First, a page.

Almac unveils £30m 'Brexit-proof' plans for Dundalk campus
Northern Ireland pharmaceutical giant Almac has announced further investment plans for its £30m Co Louth site, a move protecting it against Brexit uncertainty.
The company, which employs nearly 5,000 people around the world in contract drug development and manufacture, said inspections at its Dundalk campus had now been completed by the Republic's regulatory body.
Almac said the opening of the site has been prompted by Brexit, as well as being part of its global expansion plans, and will enable it to maintain "seamless" access to the single market.
It's due to open in January next year and "complements the existing clinical supply and drug product development" carried out at its global headquarters in Craigavon, Co Armagh, Almac said.
The company added: "The new European campus significantly increases the group's global footprint and provides an expanded presence within the EU for both clinical trial supplies and commercial drug product operations, thereby providing uninterrupted service provision to its global clients."
In further details on the Dundalk campus - around 40 minutes drive from its Craigavon base - Almac said it would have a laboratory and packaging facility for commercial drugs, as well as a 79,000 sq ft distribution centre for clinical trial supply.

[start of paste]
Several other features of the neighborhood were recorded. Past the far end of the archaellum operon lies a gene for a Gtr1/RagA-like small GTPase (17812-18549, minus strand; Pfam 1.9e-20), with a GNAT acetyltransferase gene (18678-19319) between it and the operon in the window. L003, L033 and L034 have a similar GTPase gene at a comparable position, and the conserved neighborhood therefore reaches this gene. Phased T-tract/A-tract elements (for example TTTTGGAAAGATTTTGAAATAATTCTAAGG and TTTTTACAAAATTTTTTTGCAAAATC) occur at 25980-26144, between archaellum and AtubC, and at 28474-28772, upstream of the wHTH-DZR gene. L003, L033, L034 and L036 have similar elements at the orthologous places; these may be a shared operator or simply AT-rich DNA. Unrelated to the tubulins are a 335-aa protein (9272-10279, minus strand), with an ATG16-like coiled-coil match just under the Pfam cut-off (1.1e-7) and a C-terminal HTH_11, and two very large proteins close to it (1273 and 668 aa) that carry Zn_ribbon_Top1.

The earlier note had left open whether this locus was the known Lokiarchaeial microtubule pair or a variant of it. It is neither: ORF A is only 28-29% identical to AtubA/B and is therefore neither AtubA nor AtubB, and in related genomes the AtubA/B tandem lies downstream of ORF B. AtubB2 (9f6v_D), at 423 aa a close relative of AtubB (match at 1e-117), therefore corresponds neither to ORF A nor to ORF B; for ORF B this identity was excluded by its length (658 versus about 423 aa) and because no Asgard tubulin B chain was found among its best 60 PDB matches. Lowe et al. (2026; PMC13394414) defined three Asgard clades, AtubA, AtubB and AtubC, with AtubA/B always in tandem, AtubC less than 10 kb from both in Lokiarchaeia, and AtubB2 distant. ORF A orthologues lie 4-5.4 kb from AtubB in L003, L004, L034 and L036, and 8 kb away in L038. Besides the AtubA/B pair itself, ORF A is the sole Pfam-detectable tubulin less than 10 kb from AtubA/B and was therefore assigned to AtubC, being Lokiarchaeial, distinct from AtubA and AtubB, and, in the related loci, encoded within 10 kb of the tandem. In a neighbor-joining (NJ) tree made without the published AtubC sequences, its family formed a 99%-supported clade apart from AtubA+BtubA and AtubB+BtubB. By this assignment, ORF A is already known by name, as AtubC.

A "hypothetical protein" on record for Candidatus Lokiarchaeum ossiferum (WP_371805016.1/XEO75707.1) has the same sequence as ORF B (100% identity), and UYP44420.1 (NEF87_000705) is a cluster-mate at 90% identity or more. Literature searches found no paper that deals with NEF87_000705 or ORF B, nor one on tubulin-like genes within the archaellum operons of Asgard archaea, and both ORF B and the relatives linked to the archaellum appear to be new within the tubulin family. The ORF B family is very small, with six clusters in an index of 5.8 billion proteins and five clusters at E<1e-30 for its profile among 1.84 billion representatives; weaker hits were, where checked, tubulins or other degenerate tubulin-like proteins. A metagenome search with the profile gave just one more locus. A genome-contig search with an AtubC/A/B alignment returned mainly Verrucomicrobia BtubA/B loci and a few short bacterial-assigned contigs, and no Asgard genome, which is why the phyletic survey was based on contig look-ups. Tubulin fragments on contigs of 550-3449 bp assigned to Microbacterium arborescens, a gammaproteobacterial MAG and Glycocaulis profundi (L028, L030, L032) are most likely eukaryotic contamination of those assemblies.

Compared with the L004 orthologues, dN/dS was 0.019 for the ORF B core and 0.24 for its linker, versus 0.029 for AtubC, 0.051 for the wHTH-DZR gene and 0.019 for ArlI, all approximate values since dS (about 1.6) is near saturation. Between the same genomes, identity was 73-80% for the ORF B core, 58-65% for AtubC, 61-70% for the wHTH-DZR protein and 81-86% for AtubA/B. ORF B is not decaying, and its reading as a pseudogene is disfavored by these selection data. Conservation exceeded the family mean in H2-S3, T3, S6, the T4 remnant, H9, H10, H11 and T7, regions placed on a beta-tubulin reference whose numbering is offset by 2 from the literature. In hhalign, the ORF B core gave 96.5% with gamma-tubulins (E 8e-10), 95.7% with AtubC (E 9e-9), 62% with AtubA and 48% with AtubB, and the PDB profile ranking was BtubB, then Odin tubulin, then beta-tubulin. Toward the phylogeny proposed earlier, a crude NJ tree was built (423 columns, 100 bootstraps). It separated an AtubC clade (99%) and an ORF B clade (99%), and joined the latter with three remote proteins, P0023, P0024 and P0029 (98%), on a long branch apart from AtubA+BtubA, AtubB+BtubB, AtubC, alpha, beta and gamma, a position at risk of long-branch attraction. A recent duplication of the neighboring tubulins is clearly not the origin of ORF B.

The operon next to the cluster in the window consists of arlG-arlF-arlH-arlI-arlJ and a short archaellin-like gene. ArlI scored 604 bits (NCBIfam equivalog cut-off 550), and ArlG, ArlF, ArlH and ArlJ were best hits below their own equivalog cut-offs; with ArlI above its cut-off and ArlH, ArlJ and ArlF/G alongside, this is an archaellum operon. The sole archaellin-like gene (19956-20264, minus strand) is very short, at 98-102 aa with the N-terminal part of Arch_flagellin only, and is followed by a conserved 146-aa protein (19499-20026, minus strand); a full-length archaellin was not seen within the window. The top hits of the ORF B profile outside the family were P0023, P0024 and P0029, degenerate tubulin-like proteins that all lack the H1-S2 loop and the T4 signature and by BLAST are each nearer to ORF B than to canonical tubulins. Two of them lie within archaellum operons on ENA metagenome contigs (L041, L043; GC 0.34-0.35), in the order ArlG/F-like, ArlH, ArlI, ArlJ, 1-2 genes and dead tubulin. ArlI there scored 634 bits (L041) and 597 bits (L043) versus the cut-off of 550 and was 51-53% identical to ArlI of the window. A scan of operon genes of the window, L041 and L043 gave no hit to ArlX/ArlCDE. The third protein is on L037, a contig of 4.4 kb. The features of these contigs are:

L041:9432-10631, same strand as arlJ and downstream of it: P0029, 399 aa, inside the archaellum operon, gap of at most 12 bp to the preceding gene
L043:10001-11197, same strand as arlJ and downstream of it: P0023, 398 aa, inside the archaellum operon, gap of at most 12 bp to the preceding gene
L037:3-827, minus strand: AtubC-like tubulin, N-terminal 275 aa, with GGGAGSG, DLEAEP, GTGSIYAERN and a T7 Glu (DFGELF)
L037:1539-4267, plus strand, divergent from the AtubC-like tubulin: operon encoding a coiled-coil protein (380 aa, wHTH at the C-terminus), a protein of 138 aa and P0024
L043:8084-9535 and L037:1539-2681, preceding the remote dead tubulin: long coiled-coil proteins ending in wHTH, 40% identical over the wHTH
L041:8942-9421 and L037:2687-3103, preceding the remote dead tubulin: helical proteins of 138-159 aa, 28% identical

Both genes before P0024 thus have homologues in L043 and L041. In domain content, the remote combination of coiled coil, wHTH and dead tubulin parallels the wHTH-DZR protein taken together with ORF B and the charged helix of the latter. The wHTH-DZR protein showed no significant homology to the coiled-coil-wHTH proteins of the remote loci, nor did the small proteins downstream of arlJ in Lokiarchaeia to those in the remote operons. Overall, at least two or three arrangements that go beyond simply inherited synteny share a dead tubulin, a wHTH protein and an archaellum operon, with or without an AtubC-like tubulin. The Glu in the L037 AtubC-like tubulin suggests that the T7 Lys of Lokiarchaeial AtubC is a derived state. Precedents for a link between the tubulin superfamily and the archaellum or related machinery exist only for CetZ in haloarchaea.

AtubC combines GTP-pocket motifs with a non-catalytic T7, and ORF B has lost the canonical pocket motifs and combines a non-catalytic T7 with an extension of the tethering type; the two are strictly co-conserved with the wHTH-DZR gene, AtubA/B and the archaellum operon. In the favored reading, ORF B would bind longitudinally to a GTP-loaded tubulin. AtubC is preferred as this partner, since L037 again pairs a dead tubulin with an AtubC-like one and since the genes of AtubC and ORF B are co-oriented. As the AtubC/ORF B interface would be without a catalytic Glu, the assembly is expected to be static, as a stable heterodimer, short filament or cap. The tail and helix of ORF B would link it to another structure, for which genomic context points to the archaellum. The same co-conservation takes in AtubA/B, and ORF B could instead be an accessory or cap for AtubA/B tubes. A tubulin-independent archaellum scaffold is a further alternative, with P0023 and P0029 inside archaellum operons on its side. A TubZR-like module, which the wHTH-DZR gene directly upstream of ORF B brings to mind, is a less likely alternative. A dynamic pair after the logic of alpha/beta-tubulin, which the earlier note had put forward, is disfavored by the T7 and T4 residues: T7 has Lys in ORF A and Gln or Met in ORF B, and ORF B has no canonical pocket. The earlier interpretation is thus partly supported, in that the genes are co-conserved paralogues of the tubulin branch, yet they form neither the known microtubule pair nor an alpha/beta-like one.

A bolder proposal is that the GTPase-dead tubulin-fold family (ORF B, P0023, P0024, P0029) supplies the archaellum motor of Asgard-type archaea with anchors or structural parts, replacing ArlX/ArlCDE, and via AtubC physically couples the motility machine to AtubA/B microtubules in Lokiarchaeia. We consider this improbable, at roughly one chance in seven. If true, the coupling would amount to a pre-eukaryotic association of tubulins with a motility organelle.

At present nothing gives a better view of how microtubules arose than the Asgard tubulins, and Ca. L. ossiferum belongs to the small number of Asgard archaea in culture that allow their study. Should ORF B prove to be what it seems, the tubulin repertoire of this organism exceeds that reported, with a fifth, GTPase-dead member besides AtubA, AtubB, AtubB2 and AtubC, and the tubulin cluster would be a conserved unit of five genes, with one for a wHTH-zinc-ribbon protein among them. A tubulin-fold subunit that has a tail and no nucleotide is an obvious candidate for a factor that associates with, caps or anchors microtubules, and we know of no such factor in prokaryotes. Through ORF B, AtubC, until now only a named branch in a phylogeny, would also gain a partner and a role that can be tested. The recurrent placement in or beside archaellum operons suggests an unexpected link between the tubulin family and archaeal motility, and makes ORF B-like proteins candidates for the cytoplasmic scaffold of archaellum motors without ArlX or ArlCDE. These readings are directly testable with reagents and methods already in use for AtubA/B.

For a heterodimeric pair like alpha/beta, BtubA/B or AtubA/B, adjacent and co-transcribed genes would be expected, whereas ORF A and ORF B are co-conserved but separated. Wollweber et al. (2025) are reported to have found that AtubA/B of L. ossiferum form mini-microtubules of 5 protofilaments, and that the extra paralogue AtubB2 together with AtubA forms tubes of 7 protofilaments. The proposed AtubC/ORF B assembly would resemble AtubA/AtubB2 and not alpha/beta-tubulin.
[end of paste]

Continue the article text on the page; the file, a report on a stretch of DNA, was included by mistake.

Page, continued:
The company said it had invested in all its operations and workforces over the last 18 months across the USA, Asia and UK.
And it added there would be new jobs in all locations in the next 18 months, including at its Co Armagh headquarters.
Chief executive and chairman Alan Armstrong said: "Achieving these successful Health Products Regulatory Authority (HPRA) inspections is a key milestone.
"In addition, the announcement today of further expansion will ensure our current and future clients receive a seamless solution with access to the EU marketplace.
"Crucially, this will ensure an uninterrupted service provision through any uncertainty Brexit may bring, and for the future, keeping Almac as a global leader in the life sciences sector."
Martin Shanahan, chief executive of the Republic's inward investment agency the IDA, welcomed the investment, saying: "Companies continue to choose Ireland as a location which provides certainty of access to the EU in the long term post-Brexit."
As well as operations in the British Isles, Almac also has bases in Pennsylvania, North Carolina and California, and in Singapore and Tokyo. It was founded by Sir Allen McClay in 2002.